Editor’s note: The following is a Q&A between Jasper Kenzo Sundeen, football beat writer for The Daily Californian, and Cody Schoeler, football reporter for the Daily Evergreen. The interview has been edited for clarity and length. All statements were made Tuesday.
Jasper Kenzo Sundeen: The Cougars faced an almost month-long COVID-19 layoff. What do you think are the effects of that?
Cody Schoeler: They definitely came out slow and they didn’t look very well for much of that game on Sunday. How much of that was COVID and how much of that was them just being outmatched — we don’t know. But from what it looked like, the Cougars should be over whatever rust they had by now. They have a full week of practice and a game under their belt, so that shouldn’t be an issue, but it didn’t look good. So if it is something that impacts the rest of the season and it takes them off their game, that could be big.
I do think one of the benefits of the layoff that coaches have talked about was being able to get guys healthy and heal up, whether it was an injury that was keeping them out or if they were just nicked up. That could be a benefit of the three weeks off from games — getting healthy and back on the field.
JKS: Does Washington State have any big or critical COVID-19 absences?
CS: The last game, we did have a lot of our secondary out. A starting corner, a backup corner and then two safeties were out. One of them was due to COVID, we know that. I got that confirmed. One of the guys has been out all season. It could be an opt out, could be an injury, but he’s listed on the depth chart, so it should be an injury. Those have been the only ones we know of. Our quarterback got COVID over that hiatus, so he was able to come back, but that’s the only guy that we know about as of right now.
JKS: Jayden de Laura has been consistent in his first two games. He obviously came out a little flat against USC. What did the Trojans do to limit him and how do you think he’ll respond against Cal?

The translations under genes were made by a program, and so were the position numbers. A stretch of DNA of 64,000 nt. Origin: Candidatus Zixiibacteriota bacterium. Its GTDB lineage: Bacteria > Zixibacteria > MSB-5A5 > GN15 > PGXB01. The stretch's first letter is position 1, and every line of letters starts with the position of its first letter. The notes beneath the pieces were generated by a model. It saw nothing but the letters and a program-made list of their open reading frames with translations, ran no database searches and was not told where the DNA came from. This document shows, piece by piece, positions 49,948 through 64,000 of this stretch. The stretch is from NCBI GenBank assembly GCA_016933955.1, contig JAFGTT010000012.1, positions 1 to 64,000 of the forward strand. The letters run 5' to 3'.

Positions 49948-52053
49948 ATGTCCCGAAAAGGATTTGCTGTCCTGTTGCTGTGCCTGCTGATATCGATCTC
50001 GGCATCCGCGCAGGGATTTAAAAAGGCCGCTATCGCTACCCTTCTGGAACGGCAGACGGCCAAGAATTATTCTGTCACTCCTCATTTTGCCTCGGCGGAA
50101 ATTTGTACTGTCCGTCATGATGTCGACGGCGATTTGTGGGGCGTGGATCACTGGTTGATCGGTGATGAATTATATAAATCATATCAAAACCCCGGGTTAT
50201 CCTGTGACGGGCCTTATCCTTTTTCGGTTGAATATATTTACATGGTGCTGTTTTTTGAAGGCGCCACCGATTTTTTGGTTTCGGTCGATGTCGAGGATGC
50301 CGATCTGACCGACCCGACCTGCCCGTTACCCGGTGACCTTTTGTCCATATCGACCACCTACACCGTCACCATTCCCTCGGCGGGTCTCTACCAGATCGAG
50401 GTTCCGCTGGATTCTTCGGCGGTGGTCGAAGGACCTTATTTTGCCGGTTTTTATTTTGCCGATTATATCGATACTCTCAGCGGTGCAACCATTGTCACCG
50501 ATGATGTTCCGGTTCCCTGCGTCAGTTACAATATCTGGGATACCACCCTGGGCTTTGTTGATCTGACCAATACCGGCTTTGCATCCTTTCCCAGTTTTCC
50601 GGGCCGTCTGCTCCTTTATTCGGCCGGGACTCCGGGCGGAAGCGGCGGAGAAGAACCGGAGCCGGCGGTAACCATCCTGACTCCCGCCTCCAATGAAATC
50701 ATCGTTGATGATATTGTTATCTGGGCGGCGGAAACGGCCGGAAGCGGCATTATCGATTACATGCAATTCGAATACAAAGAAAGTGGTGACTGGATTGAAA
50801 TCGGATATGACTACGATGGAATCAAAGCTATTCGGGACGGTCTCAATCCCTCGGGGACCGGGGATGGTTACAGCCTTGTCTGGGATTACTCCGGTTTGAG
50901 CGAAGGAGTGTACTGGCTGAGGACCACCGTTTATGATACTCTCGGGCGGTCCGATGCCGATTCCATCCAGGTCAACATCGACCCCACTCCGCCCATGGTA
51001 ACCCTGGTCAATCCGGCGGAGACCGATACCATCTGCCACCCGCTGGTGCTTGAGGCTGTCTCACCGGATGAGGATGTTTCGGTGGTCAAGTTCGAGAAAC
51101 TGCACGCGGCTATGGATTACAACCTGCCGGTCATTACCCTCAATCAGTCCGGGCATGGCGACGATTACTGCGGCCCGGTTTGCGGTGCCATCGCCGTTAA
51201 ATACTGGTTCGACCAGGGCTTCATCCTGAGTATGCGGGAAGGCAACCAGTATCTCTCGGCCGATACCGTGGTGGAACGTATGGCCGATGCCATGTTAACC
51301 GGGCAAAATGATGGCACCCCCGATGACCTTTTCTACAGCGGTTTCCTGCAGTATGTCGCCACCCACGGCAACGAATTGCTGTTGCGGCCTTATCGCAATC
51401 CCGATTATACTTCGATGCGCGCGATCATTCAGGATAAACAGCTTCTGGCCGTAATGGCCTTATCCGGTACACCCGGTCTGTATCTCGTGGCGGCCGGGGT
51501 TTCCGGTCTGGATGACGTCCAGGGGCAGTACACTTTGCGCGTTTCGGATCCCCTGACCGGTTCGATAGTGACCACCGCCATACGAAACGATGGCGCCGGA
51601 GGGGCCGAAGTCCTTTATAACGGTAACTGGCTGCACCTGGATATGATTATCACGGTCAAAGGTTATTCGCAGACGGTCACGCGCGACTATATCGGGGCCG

CS: It’s hard to say. I know coach Nick Rolovich didn’t say much; he says he needs to look at the film. I don’t know how much of it was de Laura and him being off, or if the offense in general was just bad. The things he was able to do in those first couple of games were just play within the offense and do what he was supposed to do. He made a lot of quick throws — he likes to get the ball out fast — and then he took shots every once in a while. The offense was doing that, and obviously the USC secondary is very good, so it matches up. I haven’t watched the game again and broken down every play, but if a team is able to take away the slot guys, that takes away a lot of what de Laura does because he’s targeted and passed to them heavily. The outside receivers really haven’t done much, so that’s the key to stopping him, or at least rattling him.
And then, obviously, as with any quarterback but especially a freshman, getting pressure is key. USC did a lot of blitzing and it was able to play, man. Especially with those defensive backs, they were able to rattle de Laura and force some bad throws, which he hadn’t done previously. Usually, the offensive line is really stout. It doesn’t give up pressure if the defense is just rushing four. So if you can blitz, if you can get pressure on him and force him to throw into some man-on-man coverages that the defense backs can win, then that’s what you have to do against him.
The thing that was impressive in his bad performance was his demeanor and his energy. He got taken out in the third quarter. I don’t expect him to have lost the starting spot. He didn’t take it hard, he wasn’t beat down about it. I think that’s a big thing, to see a freshman react like that.